Case Study 609: Comparing Surface Energy/Thermodynamic Adhesion Values with Mechanical Performance in Nanocomposites
Authors: Dr Daniel Burnett and Armando R. Garcia
The use of nanomaterials as composite reinforcing materials has shown significant interest in recent years. Both carbon nanotubes and clay nanoparticles have been studied as a means to improve composite properties [1,2,3,4,5]. The quality and performance of nanocomposites depend strongly on the interaction of the components at their interface. To enhance the adhesion properties at the interface, nanomaterials are often exposed to various surface functionalisation processes.
Filler-matrix interactions are commonly described by adhesion and cohesion phenomena. Both properties depend on the surface energetic situation of the materials commonly expressed by the surface energy.
In this study, surface energies of different multi-walled carbon nanotubes (MWCNT) and nanoclays with different surface treatments were determined by IGC SEA. Nanofiller-matrix interactions have been calculated by means of the thermodynamic work of adhesion from the surface energy values and correlated with composite mechanical properties.
IGC SEA is a well-known tool for the characterization of particulates , fibres  and films . IGC SEA involves the sorption of a vapour (probe molecule) with known physico-chemical properties onto an adsorbent stationary phase with unknown physico-chemical properties. This approach inverts the conventional relationship between mobile and stationary phase found in analytical chromatography. The stronger the interaction of the vapour phase (known properties) with the unknown adsorbent (unknown properties), the more energetic the surface and the longer the vapour phase retention time. For this reason a range of thermodynamic parameters can be derived from the retention behaviour. A detailed explanation of the theory is given in Reference .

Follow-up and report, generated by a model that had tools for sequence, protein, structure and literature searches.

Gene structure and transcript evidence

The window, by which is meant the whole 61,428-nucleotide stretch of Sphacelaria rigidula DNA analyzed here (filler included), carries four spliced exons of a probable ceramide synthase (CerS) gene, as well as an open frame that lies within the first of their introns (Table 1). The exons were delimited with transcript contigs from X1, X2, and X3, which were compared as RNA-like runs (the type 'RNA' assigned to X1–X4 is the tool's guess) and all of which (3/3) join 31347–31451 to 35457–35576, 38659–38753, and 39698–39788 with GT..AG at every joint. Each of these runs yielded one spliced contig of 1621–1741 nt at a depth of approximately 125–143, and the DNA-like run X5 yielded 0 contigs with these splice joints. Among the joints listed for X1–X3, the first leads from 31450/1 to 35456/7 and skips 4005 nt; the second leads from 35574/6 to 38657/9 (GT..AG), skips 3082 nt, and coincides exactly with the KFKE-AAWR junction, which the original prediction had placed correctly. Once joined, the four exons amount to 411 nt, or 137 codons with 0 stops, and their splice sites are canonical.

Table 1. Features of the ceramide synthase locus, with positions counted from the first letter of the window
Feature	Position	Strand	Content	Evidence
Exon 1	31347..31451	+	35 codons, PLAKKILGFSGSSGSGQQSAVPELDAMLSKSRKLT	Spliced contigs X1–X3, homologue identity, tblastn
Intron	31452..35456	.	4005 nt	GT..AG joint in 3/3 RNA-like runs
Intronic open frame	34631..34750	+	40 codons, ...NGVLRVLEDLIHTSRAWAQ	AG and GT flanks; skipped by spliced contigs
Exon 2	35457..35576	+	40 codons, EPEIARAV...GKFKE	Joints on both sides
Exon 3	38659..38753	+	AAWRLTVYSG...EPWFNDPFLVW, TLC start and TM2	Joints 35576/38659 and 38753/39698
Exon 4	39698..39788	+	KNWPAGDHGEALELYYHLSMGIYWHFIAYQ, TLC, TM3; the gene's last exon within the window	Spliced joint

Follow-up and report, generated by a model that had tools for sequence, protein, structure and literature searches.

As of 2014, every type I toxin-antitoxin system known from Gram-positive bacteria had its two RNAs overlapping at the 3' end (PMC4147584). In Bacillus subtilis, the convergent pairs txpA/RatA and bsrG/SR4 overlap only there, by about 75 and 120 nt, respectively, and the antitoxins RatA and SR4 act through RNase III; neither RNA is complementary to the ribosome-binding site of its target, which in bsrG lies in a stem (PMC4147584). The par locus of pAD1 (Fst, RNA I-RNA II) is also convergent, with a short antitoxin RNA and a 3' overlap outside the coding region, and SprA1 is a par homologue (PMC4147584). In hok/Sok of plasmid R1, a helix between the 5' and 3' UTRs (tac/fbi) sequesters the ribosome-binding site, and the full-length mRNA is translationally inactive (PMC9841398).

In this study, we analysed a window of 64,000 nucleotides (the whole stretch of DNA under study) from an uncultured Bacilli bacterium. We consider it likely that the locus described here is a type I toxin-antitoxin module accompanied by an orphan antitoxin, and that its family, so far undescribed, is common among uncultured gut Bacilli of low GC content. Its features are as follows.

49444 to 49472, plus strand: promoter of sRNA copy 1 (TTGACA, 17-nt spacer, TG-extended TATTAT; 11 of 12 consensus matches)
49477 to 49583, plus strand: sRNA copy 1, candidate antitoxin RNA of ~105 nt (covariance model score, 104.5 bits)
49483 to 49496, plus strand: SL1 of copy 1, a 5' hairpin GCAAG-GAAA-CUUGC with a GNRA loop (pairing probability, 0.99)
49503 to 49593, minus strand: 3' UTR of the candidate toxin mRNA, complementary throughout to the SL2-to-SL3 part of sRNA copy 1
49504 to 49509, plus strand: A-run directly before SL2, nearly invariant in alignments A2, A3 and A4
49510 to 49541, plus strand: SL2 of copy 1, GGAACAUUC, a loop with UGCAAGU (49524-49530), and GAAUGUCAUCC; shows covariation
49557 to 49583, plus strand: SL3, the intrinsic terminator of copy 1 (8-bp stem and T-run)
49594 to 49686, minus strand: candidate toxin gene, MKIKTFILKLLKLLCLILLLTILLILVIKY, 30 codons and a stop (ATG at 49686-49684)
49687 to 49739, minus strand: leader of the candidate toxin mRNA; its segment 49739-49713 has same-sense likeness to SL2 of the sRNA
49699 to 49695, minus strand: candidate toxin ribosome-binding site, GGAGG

One of the most commonly used parameters for the description of the energetic situation on the surface of a solid is the surface energy. The surface energy is analogous to the surface tension of a liquid. Surface energy describes the interaction between cohesive and adhesive forces which, in turn, dictate if wetting occurs. In practical terms, the higher the surface energy the more reactive the surface. The surface energy parameter can be divided into a dispersive and a specific component. The dispersive surface energy can be directly calculated from the retention times of a series of injected n-alkanes . The specific contribution of the surface energy is obtained indirectly via the specific free energy, obtained by injecting a range of polar probe molecules.
By applying an appropriate concept, the acid-base numbers can be calculated from the specific free energies. The study of acid-base properties by IGC SEA has the additional benefit that changes in the orientation of surface groups can be studied. Those changes are not necessarily related to variations in composition. For this reason spectroscopic methods are less appropriate for the study of these effects .
A common approach for acid-base calculations used in IGC SEA is the van Oss concept , which provides acid and base numbers in the same units as the dispersive surface energy.
In Equation 1 above, γS+ and γS- are the electron acceptor (acid) and electron donor (base) parameters of the surface and γL+ and γL -are the electron acceptor and donor parameters of the probe molecule. Unfortunately, in its original form, this equation can only be used for relative comparison due to inaccurate starting parameters leading to an overestimation of the basicity . To correct this and decrease probe sensitivity, the input parameters have been rescaled for a more reliable determination of acid/base values according to Della Volpe .